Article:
Charter schools face enemies from without and within, writes Chester Finn in Education Gadfly. Among his villains:
(a) too many feckless, inept authorizers (aka sponsors) that casually issue charters to groups unprepared to run successful schools, are sloppy about results-based accountability, too eager to revert to regulation as the antidote for charter ills, and clueless about what to require before renewing a school's contract;
(b) a small but visible group of greedy charter operators more interested in making a few bucks at state expense than running good schools for needy kids; and
(c) ill-conceived state laws that starve charters of needed resources while not freeing them from enough of the red tape that binds conventional schools.
Re-regulation could leave charters little different from conventional public schools, warns Finn.
On a happier note, he links to a review of New York charter schools sponsored by the State University of New York:
Most of the charters are located in high need areas and serve students near the bottom of the academic barrel, many of whom make rapid progress thanks to the rigorous standards, quality teaching, innovative practices and personal attention they receive in these new schools.
Officials in school districts that have lost students to charters say they're fighting to win them back by copying charters' appealing features and practices. What accounts for such success? Careful quality control. The SUNY Trustees, who leave the day-to-day management and support of charters to the Institute (along with New York's Board of Regents and local school boards), closely scrutinize charter applicants to make sure they're focused laser-like on the bottom line: student achievement.
Victimhood is Powerful
Writing in City Journal, John McWhorter says Afro-American Studies professors such as Cornel West celebrate victimhood and demand lower standards for black academics.
Because real racist bigotry is vanishingly rare on campuses, where the race police are out in almost totalitarian force, black academics have become talented at manufacturing racist insult out of encounters innocent of racism. Nervous white administrators usually play along.
When Yale president Richard Levin recently joshed at a dinner honoring (Henry Louis Gates, Jr.)that he was jealous of Harvard¹s Afro-American studies department, Hazel Carby, chair of Yale¹s Afro-American studies program, resigned, saying that she felt — you guessed it — disrespected. One week later, she was back on board, with Yale in the meantime elevating her program to full department status.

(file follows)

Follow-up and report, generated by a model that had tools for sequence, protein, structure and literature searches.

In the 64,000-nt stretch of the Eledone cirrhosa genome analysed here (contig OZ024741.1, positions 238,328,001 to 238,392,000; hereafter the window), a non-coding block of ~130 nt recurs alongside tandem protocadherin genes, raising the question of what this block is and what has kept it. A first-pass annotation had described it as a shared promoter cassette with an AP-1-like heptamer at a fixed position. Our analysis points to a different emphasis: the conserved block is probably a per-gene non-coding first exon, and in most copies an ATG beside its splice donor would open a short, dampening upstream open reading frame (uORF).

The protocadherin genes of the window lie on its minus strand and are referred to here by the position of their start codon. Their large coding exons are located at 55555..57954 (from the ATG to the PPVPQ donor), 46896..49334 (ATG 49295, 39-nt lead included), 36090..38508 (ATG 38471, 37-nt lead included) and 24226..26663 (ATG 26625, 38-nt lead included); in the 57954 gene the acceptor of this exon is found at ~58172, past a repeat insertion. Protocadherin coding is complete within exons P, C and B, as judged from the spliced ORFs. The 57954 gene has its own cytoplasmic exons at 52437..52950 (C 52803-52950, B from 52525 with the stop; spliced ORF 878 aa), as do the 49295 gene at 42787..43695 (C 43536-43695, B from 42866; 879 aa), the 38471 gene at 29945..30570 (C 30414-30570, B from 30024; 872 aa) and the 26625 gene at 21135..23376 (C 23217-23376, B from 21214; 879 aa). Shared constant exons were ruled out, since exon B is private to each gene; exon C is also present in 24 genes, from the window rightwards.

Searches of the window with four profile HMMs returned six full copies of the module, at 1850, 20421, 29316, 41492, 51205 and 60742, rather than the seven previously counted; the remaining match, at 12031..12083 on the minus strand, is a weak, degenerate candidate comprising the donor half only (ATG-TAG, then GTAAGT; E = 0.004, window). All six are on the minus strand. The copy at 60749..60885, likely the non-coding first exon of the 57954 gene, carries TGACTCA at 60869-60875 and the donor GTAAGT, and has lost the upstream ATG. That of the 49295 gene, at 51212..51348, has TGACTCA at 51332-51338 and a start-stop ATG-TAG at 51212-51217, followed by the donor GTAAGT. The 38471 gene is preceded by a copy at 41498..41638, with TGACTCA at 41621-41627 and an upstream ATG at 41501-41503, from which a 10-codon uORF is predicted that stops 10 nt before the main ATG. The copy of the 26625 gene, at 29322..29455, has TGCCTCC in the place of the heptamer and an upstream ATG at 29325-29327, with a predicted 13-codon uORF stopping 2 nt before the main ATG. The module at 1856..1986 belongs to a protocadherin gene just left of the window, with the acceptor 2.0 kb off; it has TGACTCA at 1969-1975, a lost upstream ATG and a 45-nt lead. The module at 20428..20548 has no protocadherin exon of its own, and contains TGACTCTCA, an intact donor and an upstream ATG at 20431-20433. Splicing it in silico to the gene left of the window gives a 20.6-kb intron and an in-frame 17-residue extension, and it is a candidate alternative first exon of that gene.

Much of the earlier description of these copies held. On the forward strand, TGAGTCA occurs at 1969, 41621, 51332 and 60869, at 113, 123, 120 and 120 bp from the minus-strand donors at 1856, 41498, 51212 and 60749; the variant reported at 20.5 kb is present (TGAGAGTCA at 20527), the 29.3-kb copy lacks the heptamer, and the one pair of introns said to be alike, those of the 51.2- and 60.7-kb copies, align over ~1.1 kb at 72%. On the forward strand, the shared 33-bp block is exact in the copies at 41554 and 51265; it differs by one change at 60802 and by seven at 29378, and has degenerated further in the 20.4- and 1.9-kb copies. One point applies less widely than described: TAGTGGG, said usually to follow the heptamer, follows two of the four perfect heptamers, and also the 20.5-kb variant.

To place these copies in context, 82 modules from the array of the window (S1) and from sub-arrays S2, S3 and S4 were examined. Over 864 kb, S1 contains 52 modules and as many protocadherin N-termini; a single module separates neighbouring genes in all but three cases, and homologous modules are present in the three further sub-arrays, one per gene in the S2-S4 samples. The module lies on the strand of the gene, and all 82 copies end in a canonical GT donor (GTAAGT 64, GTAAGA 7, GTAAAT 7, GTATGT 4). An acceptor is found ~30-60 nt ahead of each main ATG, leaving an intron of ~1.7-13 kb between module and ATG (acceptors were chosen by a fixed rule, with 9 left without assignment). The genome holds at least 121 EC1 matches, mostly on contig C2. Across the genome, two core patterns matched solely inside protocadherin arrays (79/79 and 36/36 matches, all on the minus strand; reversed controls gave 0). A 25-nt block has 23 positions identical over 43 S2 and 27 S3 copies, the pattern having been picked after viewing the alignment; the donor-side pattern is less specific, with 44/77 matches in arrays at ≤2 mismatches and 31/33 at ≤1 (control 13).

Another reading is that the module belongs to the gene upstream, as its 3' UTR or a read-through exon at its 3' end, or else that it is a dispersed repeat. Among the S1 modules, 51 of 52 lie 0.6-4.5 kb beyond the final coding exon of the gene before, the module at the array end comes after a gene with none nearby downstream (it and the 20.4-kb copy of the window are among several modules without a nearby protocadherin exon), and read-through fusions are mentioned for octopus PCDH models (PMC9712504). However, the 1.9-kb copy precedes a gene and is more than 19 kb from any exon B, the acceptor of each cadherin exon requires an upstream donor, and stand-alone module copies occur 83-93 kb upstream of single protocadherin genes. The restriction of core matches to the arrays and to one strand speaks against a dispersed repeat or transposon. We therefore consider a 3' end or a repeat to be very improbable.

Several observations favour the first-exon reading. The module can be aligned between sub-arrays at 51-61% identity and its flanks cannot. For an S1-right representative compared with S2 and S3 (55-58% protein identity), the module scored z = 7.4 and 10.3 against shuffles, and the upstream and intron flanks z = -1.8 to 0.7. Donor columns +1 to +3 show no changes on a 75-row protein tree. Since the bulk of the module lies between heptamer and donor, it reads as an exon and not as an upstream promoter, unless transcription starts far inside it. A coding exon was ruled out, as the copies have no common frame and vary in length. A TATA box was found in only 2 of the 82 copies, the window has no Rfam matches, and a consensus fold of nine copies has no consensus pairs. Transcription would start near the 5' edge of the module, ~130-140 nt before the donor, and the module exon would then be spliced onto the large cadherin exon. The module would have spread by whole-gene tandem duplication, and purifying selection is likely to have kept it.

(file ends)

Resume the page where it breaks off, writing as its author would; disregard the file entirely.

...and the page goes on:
Vouchers Help Black Students
Low-income black students who got privately funded vouchers to attend private schools outscored a control group in both reading and math. Heritage summarizes the results of the Harvard/Mathematica study.
Inny the Inchworm
The president's call to teach pre-reading skills to Head Start kids brings the usual warnings to this article in the Washington Post story. Experts say it's wrong to rush children into learning too soon. Here's an academic Head Start class:
The preschool children at the Rosemount Center's Head Start program in Northwest Washington each have palm-size books — made of construction paper and secured with yarn — in which they practice drawing lines and tracing the letters of their name.
The students, ages 3 to 5, also listen to stories and learn the letters of the alphabet each morning with memory devices such as "Inny Inchworm" for the letter I.
These lessons, taught in English and Spanish, are tucked into a day that is a flurry of activity, as students have their faces painted to resemble a cat or butterfly, or as they scoop up dirt and pack it into paper cups for planting corn kernels.
It doesn't sound all that oppressive to me.
Class and Degrees in England
While 80 percent of the children of professionals earn a university degree, only 14 percent of working-class students make it that far. So some want to admit students from inner-city schools with lower grades.
Success Breeds Discontent
Blacks organized to replace an all-white school board in Mount Vernon, a heavily black district with horrible test scores near New York City. As Education Week reports, the new superintendent masterminded an incredible turnaround in elementary test scores, and is now working on middle school.
Now the superintendent, who's black, is under fire from the all-black school board. He's arrogant. Test scores aren't everything. He hasn't saved the older students yet. In short, they're about to dump him and go back to the old cronyism, only now it will be blacks instead of Italian-Americans exploiting the system and making excuses for why students aren't learning.
Joanne Jacobs used to have a paying job as a Knight-Ridder columnist and San Jose Mercury News editorial writer. Now she blogs for tips at ReadJacobs.com while writing a book, Start-Up High, about a San Jose charter school. She's never gotten a dime from Enron.